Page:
Chitty Chitty Bang Bang
By Lynne Burlingham
This article was originally published in the April 2002 edition of Soul Search, the journal of The Sole Society.
Did any of you, like me, watch the film Chitty Chitty Bang Bang when it was shown on TV on New Years Day? If not, you may well have seen it at the cinema or on some previous occasion on TV.
It reminded that, many years ago, when he was young, my late father Bill Solley, actually saw one of the real Chittys, later immortalised in the film Chitty Chitty Bang Bang. Many years later, after he had retired, the memory prompted my father to start collecting material on the Chittys with a view to perhaps writing an article on the subject. Unfortunately he was pipped to the post by at least one other person with whom he then corresponded for a while (The Racing Count by P.G. Elgar published in Bygone Kent, October 1994). I rediscovered all this material when I started to go through my father's papers after his death in 1996. Although there are a few interesting photographs among the material he collected, these were all sent to him strictly for his own personal use because of copyright restrictions, so cannot be reproduced here.
It is not clear exactly when my father saw a Chitty or which one it was. There were, I believe, four models built during the 1920s (with possibly a fifth on the drawing board at the time of Count Zborowski's death in about 1924) and each seems to have had a chequered history both on and off the racing circuit!
He probably saw the car in the early 1930s when his parents Thomas and Ethel Solley ran the Hope Inn at Lydden, on the main Dover to Canterbury road. To quote from a letter written by my father "During the 1930s we lived in the Hope Inn, Lydden on the Dover Canterbury road and I remember Chitty Bang Bang passing through, his approach heard when he was a mile or so away.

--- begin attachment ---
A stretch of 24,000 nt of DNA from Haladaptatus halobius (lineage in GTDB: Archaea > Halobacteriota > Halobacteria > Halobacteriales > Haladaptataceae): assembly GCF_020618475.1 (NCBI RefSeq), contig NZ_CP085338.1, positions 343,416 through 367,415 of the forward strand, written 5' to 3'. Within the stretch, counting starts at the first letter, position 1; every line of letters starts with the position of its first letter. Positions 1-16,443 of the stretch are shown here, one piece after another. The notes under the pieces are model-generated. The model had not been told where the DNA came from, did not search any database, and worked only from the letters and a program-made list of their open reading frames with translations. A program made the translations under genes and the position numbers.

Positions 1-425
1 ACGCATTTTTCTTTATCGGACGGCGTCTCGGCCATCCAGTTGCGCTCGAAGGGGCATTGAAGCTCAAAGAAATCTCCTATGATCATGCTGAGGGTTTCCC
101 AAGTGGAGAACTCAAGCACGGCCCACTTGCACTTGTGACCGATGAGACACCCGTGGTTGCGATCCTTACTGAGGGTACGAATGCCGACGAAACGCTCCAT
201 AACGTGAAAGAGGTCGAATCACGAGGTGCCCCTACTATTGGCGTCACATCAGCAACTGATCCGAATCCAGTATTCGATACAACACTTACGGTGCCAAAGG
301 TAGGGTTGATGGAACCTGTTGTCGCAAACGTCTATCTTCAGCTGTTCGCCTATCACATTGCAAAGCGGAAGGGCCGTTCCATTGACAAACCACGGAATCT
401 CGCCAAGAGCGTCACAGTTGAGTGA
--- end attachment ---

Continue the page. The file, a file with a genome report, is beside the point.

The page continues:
Hope Inn, Lydden, 1935 and Centre - Lynne’s grandfather, Thomas Walter Solley and his wife Ethel May (nee Sidders).
In 1935 I lodged with an uncle, Bill Sidders, the local plumber, at Bridge and he had worked for the Count and awakened my interest with his stories". Count Zborowski, son of a Polish count and an American mother, lived in a large country house at Bridge, just outside Canterbury. In another letter my father writes "…there was good warning of his approach between the Halfway House and the village and, from memory, the car being 'held back' to some extent bucked somewhat".
Interestingly, Chitty 1 was eventually acquired after Count Zborowski's death by the Conan Doyle brothers, sons of Sir Arthur Conan Doyle of Sherlock Holmes fame. Count Zborowski himself was killed in about 1925 while racing for the Mercedes team in the Italian grand Prix at Monza when his car crashed at high speed into a tree. In 1992 Chitty 2 was loaned to the National Motor Museum at Beaulieu, where I have a vague recollection of seeing it. It may or may not still be there. The Hope Inn is still in existence although the main Dover to Canterbury road is now a dual carriageway and bypasses the village of Lydden. And Higham Park Place, once home to Count Zborowski, is apparently now open to the public, according to a snippet in a 2002 guide to the Canterbury area.
For those of you who want to know more about the Chittys, you can find a lot of information on the web. I found the Brooklands Society web site interesting. It includes photographs of the cars and the Count himself : http://www.brooklands.org.uk
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